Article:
Programmatic advertising – or advertising that runs according to an algorithm or in an otherwise semi-automated way – is one of the most powerful and effective methods available to marketers today. Yet even as programmatic continues to make up nearly 80% of ad spend in most other industries, pharma is still lagging behind.
The main reason for this is somewhat self-evident: advertisements that target users based on data about them, in the healthcare space, run the risk of violating HIPAA or other privacy protections, including those instituted by advertising platforms themselves (see: Facebook’s changes to available interests and Partner Categories). Pharmaceutical advertisements are also, of course, subject to FDA requirements and draft guidance, just as they would be in any other format – and the digital space can be somewhat murky, which means compliance requires a more careful hand than one might see with a typical programmatic campaign.
There are some other reasons, of course – including that TV continues to be an effective medium for pharma advertising, perhaps more so than in other industries – and it’s unlikely that most brands will drop their current strategies to adopt the latest and greatest features available in digital marketing. But the power and opportunity in this type of advertising means pharma brands ought to give programmatic a second look – particularly when looking ahead to the future.
There are signs that programmatic might be trending up in the healthcare space. Healthcare digital spending as a whole is going up, and according to a report from Pulsepoint, 37% of digital spending in healthcare is programmatic. But that’s still far behind nearly any other industry, so there’s still a lot of room for expansion.
Is All Programmatic Advertising Dangerous?
While any patient-focused programmatic campaign is going to carry some risks, it’s important to be aware that there are actually a number of programmatic approaches to digital advertising that avoid them. Here are some of the strongest examples:
An easy way to avoid expensive HIPAA violations with your advertising campaigns is to focus primarily on HCP’s. HCP-targeted ad campaigns already make up a substantial percentage of pharma ad spend – as the traditional model of advertising products to doctors first has yet to be overtaken by DTC advertising, despite significant growth in that category in recent years – so a healthy emphasis on this share of the market should fit well within an updated digital strategy.
Because the interests and other user data attributed to HCP’s correspond to their line of work, as opposed to representing any personal health information (PHI), targeting them programmatically doesn’t risk running afoul of the main HIPAA concerns about patient privacy. This should make it a lot easier both to target the right audiences using the tools available with platforms like Google Ads and Facebook, and to show them relevant content that doesn’t insinuate or imply that they have a certain medical condition (as might be the case with a patient).
Search engine marketing (SEM) – namely through Google, but also with Bing Ads – has long been an effective and safe method of programmatic digital advertising; arguably, one of the very first. The reason advertising through search, as with most any inbound tactic, is safe from privacy violations is that it relies on user intent (revealed through keywords) to determine what content to show. This is still, of course, very much an algorithmic and automated process – as both the ad auction and organic search results have always been – but it doesn’t use identifiable information to determine relevance; simply the keywords users have already entered.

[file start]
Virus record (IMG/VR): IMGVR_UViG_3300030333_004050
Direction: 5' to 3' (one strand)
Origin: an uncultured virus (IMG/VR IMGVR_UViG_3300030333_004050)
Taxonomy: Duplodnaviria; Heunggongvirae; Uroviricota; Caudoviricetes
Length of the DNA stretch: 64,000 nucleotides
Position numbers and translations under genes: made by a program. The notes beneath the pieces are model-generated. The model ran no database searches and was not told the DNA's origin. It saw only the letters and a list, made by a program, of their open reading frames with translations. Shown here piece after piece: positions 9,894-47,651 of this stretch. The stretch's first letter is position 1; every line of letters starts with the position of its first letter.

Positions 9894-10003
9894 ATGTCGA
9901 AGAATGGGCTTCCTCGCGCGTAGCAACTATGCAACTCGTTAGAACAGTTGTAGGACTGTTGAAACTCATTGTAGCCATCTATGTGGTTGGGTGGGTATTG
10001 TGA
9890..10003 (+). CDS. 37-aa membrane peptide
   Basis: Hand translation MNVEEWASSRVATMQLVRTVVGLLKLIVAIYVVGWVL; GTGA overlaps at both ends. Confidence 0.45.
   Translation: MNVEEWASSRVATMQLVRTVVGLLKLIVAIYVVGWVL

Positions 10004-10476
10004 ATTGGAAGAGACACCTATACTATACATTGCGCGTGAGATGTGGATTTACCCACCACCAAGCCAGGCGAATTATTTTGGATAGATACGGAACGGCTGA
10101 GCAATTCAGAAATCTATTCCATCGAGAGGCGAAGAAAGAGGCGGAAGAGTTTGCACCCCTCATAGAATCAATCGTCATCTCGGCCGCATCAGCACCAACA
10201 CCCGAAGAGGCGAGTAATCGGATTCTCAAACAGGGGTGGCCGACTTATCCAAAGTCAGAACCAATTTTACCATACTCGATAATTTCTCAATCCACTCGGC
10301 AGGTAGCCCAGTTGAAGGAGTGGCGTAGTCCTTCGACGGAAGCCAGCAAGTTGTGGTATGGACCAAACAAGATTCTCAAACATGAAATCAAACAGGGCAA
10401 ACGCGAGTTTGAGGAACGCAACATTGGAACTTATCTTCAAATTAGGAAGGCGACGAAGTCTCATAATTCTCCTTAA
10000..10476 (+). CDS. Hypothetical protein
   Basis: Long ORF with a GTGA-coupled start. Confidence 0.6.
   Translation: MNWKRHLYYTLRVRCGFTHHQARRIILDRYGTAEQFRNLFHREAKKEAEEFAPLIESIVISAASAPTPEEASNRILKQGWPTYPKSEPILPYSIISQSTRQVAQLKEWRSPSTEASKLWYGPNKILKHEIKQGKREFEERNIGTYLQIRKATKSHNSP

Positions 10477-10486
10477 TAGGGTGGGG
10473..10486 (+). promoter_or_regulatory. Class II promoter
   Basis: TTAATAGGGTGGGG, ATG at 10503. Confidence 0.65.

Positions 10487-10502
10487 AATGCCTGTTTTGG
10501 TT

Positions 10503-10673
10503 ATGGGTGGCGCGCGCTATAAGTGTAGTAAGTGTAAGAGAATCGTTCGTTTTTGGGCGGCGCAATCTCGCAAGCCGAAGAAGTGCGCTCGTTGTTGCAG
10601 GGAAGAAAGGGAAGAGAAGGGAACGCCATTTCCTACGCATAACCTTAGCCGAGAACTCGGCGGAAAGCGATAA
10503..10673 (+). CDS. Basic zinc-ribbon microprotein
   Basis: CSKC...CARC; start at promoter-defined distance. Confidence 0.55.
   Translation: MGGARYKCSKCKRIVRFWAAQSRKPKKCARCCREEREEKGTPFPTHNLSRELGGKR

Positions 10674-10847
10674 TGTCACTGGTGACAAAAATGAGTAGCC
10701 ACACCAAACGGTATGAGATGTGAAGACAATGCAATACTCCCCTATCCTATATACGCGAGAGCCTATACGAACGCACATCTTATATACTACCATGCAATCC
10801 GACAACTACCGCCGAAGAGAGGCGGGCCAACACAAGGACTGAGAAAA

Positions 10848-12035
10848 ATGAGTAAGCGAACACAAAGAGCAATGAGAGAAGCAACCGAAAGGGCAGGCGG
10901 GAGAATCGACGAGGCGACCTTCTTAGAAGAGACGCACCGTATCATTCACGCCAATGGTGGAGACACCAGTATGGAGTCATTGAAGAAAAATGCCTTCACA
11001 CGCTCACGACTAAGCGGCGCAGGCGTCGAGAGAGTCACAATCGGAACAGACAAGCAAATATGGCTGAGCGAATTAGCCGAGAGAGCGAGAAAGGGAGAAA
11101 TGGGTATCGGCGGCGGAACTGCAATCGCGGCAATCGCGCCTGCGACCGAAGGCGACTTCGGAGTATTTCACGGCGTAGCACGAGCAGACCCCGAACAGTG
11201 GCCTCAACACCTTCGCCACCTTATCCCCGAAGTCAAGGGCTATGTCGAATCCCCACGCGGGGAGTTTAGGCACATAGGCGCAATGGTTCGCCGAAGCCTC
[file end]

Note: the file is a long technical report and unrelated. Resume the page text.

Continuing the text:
Granted, platforms like Google are moving toward using user data to refine ad results, and of course, display advertising through Google is going to be shown based on relevance. But in those cases, there is still a heavier emphasis on interests demonstrated through web behavior and the nature of the content on placement pages than on data collected about a given user over a period of time. And generally speaking, Google is bound by tight privacy rules as well, so it’s unlikely that the search giant would reveal or use sensitive personal information to target ads that are somewhat based on user data.
What Platforms Are Best For Programmatic Pharma Advertising?
Although Facebook has had its share of bad press about user privacy violations – some of it well-warranted – the platform has done a lot recently to ensure that it is not inappropriately sharing user data or otherwise providing information to third parties that could run afoul of regulations. While it may have come at the cost of some useful interest targeting categories, marketers in the healthcare space especially can breathe a little easier now that there is extra scrutiny on Facebook’s privacy adherence, both internally and externally. And with Facebook’s ad targeting platform being as powerful and cost-effective as it is, that is great news for brands looking to expand their spend on programmatic ad buys. Particularly with HCP-targeted campaigns, the reach and precision of this platform can’t be matched elsewhere, so pharma marketers would do well to give Facebook Ads a closer look when planning or updating their digital strategies.
Google Ads (Search & Display)
Again, the inherently programmatic but user-driven nature of Google search ads makes them a great and indispensable option for pharma brands looking to take advantage of the most powerful ad platforms available today. Carefully executed Google Ads campaigns can reach tens of thousands of users at a time, intersecting at all steps of their online search journey, and delivering relevant and informative results to help answer their questions at the exact moment they’re asking.